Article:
Parliament: Snoop Charter plan 'too sweeping', 'misleading', 'suspicious'
'Goes much further than it need or should'
'Unacceptable risks to the privacy of individuals'
Civil liberties groups have expressed concern about the notion of spooks and cops being granted access to web logs that might be considered a "highly intrusive form of communications data", the joint committee noted. It has been suggested that such access could give rise to "unacceptable risks to the privacy of individuals".
The MPs and peers want to strengthen the safeguards detailed in the draft bill and said:
We acknowledge that storing web log data, however securely, carries the possible risk that it may be hacked into or may fall accidentally into the wrong hands, and that, if this were to happen, potentially damaging inferences about people's interests or activities could be drawn. Parliament will have to decide where the balance between these opposing considerations should be struck.
The technical feasibility and cost effectiveness of CSPs retaining web logs only on certain types of web services was also brought into question in the report with a recommendation that the Home Office examined such a plan.
Alarm bells were sounded over those overseas providers who refuse to comply with retention notices laid out by security agencies in the UK, which would - under the current plan - lead to Blighty-based CSPs having to keep "third party data traversing their networks". Telcos are said to be "very nervous about these provisions."
The report said:
"The Home Office has given an oral commitment to UK CSPs that the Home Secretary will invoke the third party provisions only after the original data holder has been approached and all other avenues have been exhausted. The Home Office has also given a commitment that no CSPs will be asked to store or decrypt encrypted third party data."
The committee urged: "These commitments should be given statutory force."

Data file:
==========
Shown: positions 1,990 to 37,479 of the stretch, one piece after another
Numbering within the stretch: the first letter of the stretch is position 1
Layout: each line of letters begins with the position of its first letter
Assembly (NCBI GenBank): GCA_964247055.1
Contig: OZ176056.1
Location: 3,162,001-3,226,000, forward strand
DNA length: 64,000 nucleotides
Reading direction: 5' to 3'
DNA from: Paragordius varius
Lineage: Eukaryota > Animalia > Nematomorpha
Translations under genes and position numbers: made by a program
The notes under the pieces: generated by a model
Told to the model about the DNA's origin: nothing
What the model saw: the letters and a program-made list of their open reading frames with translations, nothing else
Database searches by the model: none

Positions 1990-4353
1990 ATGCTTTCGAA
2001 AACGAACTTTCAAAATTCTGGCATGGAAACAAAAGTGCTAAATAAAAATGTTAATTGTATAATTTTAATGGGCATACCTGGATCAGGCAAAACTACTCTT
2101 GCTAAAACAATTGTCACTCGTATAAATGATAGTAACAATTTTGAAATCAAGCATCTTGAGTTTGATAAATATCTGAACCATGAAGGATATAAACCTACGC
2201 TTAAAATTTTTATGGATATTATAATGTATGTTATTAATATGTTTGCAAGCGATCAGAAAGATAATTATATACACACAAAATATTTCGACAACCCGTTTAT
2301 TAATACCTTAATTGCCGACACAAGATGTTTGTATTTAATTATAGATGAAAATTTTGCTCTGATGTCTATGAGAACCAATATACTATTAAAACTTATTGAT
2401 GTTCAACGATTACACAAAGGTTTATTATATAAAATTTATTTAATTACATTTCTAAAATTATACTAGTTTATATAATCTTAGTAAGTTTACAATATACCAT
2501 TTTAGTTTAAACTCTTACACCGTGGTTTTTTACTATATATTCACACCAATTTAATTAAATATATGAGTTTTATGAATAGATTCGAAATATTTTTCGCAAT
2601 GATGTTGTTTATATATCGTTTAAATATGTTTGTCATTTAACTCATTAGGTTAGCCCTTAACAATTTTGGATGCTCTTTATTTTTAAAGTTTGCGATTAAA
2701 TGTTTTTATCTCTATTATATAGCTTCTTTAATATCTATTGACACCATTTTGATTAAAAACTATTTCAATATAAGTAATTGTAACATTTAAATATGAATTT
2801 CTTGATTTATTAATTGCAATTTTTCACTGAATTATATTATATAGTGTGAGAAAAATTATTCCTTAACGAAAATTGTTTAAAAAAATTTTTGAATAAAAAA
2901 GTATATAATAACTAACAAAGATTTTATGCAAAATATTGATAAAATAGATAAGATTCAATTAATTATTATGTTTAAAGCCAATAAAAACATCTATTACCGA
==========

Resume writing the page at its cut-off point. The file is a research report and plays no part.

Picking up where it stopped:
On the topic of who should be granted access to comms data, the report points out that 10 permitted purposes are listed on the bill and says that Clause 9(7) allowing the Secretary of State to add further permitted purposes by order "should be deleted".
The politicos said that the language of RIPA was outdated and should not be used as the basis on a new law on monitoring the web activity of British citizens.
The report noted "the challenge will lie in creating definitions that will stand the test of time." It advised further confabs with the tech industry to determine the right terminology for the bill.
It went on to say that May's draft law was "particularly problematic" when it comes to subscriber and traffic data definitions.
The report said:
"Currently the definition of subscriber data could be read to cover all sorts of data that social networks and other services keep on their customers which can be highly personal and is not traditionally thought of as communications data."
Concern was also expressed by the committee about the lack of definition for the word "content" within the draft bill.
"Although it may not be possible to define content clearly beyond the fact that it is the 'what' of a communication, it is nevertheless important that the content should be expressly excluded from all categories of communications data."
Meanwhile, the committee recommended that the single point of contact (SPOC) authorisation process for accessing comms data "should be enshrined in primary legislation." It called on the creation of a SPOC service modelled on the National Anti-Fraud Network service, which advises local authorities.
The MPs and peers said a new surveillance commission which would be armed with "multi-skilled investigators and human rights and computer experts" should be considered.
Costs estimated in the draft bill relating to the security and destruction of data needed further assessment, the committee said - and it suggested that the Home Office's current figures may be an underestimation of the true costs involved with those processes.
The overall cost of the entire system over the course of 10 years has been estimated to be £1.8bn - a figure the committee has labelled as "fanciful".
And - as if to underscore the MPs and peers' frustration at the Home Office - the report noted:
The CSPs will incur costs mainly for retaining, securely storing, accessing and ultimately destroying communications data, but also for matters such as training. The Home Office gave a figure of £859m over 10 years for reimbursing the additional costs to the private sector.
This is nearly half of the overall figure of £1.8bn. However this figure must be highly suspect, because it was calculated with little or no input from the CSPs.
Last week, May attempted some last minute lobbying to get people to support her bill by telling the Sun newspaper that her planned law would "save lives" by flushing out terrorists and paedophiles. ®
Sponsored: 2016 Cyberthreat defense report